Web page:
News roundup: COVID-19 kills 8 more Vermonters
Vermont reporters provide a roundup of top news takeaways about the coronavirus and more for Thursday, Dec. 16.
While Vermont's pandemic state of emergency has ended, the delta variant is now circulating around the state. Click here for the latest on new cases, and findthe latest vaccination data online any time.
1. COVID-19 kills eight more Vermonters
State health officials reported eight more Vermonters have been killed by COVID-19, as the Health Department counted a near-record number of new virus infections Thursday.
In all, there were 661 new cases reported today, second only to last Thursday's all-time high of more than 730 cases.
The number of Vermonters hospitalized with COVID dropped to 60 people -- about a third of whom are in intensive care.
The state's average rate of tests coming back positive grew at 4.6%.
Some 85% of eligible Vermonters are now at least partially vaccinated, including half of 5- to 11-year-olds.
- Matthew Smith
Hartford reverses course, approves local mask mandate
The town of Hartford reversed course this week and approved a local mask mandate, after rejecting a mask requirement just two weeks ago.
Select board members say they voted for the new mandate in part because local business owners and residents asked them to do so.
Hartford joins other Upper Valley towns that recently implemented new mask mandates, including Thetford and Norwich, while towns like Hanover and Lebanon have required masks for months.
- Matthew Smith
COVID outbreak grows at Newport prison
Eleven more coronavirus cases have been reported at the state prison in Newport – the latest in an outbreak that began November 10th, and has since grown to 65 cases.
Corrections officials say just three incarcerated people and three staff currently have the virus.
Northern State Correctional Facility remains on full lockdown.
Statewide, the Vermont Department of Corrections reports 21 active cases, including 16 among staff and five among incarcerated individuals.
- Brittany Patterson
2. Scott administration wants to spend about $5 million to address prison staffing crunch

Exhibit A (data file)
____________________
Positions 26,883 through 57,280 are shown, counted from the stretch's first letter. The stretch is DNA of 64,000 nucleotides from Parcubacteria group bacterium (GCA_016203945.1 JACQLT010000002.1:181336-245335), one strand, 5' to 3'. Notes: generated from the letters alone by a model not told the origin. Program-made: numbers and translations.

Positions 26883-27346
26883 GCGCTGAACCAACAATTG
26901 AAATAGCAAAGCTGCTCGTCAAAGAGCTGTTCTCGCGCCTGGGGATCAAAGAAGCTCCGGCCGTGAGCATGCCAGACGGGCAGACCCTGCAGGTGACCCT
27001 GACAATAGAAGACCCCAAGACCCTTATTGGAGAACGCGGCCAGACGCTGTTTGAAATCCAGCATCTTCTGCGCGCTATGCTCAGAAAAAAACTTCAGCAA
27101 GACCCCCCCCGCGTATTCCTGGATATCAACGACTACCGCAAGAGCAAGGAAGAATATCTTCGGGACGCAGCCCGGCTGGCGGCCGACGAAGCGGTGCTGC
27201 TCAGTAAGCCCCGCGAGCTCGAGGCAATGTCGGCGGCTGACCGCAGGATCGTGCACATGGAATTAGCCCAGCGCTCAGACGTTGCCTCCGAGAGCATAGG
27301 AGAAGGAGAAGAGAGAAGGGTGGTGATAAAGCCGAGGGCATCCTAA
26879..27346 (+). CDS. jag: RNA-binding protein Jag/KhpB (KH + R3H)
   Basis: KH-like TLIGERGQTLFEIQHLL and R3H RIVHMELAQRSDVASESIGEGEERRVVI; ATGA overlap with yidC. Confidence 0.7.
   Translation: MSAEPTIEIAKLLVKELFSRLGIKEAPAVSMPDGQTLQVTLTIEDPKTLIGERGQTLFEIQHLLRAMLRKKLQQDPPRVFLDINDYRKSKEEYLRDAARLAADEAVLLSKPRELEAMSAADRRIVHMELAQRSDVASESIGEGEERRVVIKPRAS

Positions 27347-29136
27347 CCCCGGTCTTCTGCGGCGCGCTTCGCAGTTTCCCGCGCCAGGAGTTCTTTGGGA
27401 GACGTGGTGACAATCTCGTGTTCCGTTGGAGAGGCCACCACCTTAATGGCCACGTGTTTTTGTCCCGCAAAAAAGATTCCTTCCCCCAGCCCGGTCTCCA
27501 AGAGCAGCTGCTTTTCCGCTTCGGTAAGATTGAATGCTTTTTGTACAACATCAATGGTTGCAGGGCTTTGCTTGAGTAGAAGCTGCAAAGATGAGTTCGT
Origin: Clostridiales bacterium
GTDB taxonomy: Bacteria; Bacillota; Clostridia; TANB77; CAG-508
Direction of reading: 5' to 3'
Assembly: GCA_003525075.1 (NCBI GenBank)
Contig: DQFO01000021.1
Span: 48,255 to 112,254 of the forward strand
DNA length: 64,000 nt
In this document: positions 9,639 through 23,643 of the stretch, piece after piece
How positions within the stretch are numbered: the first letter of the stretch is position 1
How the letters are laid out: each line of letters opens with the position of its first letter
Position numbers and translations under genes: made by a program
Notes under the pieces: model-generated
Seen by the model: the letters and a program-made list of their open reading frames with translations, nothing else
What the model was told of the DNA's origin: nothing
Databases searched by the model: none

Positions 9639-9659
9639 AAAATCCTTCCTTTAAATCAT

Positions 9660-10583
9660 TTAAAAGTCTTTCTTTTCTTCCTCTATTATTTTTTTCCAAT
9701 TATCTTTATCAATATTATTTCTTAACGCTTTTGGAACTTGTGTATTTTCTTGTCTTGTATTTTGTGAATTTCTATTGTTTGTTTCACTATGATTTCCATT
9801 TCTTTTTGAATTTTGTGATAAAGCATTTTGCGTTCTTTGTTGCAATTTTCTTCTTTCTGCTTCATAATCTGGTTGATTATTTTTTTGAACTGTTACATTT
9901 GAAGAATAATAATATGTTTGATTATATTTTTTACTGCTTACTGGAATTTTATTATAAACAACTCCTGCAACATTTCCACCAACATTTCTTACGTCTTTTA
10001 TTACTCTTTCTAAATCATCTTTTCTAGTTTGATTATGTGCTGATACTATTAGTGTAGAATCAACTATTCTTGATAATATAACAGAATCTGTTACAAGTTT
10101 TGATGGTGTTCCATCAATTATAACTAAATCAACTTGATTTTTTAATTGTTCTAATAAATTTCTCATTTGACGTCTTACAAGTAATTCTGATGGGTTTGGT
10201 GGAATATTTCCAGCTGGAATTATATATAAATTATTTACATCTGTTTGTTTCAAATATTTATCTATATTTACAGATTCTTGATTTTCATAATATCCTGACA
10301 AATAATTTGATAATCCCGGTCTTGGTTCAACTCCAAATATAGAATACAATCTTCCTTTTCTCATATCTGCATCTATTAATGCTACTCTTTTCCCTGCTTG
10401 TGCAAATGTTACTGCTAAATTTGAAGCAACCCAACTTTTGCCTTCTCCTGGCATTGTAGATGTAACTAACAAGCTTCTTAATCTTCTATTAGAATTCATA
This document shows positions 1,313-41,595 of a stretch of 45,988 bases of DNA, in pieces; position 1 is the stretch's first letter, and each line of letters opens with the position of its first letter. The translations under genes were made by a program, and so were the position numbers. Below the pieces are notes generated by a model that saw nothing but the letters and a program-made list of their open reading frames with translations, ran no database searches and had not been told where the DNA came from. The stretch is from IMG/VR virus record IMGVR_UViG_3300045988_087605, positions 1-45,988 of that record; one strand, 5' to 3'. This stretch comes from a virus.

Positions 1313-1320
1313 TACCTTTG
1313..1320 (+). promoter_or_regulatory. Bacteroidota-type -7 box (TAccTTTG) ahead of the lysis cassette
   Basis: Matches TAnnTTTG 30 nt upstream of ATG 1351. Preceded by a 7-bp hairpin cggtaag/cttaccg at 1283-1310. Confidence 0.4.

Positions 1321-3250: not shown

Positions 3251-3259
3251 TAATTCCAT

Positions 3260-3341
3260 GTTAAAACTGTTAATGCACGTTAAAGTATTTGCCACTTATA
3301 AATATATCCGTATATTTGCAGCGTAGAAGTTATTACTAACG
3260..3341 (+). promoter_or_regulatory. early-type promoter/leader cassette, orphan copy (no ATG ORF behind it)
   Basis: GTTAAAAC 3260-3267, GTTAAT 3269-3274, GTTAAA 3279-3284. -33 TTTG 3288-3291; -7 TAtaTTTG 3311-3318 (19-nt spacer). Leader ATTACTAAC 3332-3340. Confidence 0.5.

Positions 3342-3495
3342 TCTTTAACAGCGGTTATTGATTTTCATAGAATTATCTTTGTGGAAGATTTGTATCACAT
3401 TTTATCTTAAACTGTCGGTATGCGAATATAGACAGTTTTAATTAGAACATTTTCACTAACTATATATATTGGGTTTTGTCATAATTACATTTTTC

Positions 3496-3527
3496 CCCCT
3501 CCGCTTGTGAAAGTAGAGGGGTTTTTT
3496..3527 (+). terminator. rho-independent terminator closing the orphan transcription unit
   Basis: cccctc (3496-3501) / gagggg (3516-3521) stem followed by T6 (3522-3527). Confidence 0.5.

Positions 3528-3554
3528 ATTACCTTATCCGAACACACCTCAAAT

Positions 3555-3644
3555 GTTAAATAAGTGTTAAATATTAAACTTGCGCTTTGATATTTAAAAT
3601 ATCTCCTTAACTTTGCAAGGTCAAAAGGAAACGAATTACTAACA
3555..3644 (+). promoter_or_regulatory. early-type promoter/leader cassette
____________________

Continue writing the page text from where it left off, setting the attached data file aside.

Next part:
The Scott administration wants to spend about $5 million to address a staffing crunch in Vermont prisons.
Corrections officials have previously warned that staffing levels at prisons are reaching dangerously low levels.
Commissioner of Finance Adam Greshin told lawmakers on Tuesday that his agency wants to enter into a deal with the state workers union that includes retention bonuses and hiring incentives.
“These new side agreements affect not only corrections, but also mental health, specifically the psychiatric care hospital,” Greshin said.
The proposal would also address workforce shortages at a residential mental health facility in Middlesex.
- Peter Hirschfeld
3. Scott administration trying to make rentals accessible to those transitioning from homelessness
The Scott administration wants to remove the financial risk to landlords who rent to Vermonters transitioning from homelessness.
Commissioner of Finance Adam Greshin asked lawmakers Tuesday to sign off on the creation of a $5 million rental risk mitigation pool.
The money would ensure that landlords are paid rent even if tenants default.
“ I think the committee will know – that’s been a challenge to find housing for people there, and to encourage landlords to open up their apartments and houses to these people,” he said.
The proposal is part of a broader plan to address housing insecurity in Vermont.
The Scott administration is also asking lawmakers to allocate an additional $100 million in coronavirus relief funds for affordable housing.
- Peter Hirschfeld
4. Federal dollars could help Vermont meet house weatherization goals
Congressman Peter Welch says new federal funding will allow more Vermonters to weatherize their homes.
Recently, the Scott administration committed almost $8 million in federal American Rescue Plan Act funds to the program.
And the state is set to get an additional $15 million from the infrastructure bill signed into law this year.
Speaking at a press conference Wednesday in Burlington, Welch said updating Vermont's aging infrastructure benefits many different groups.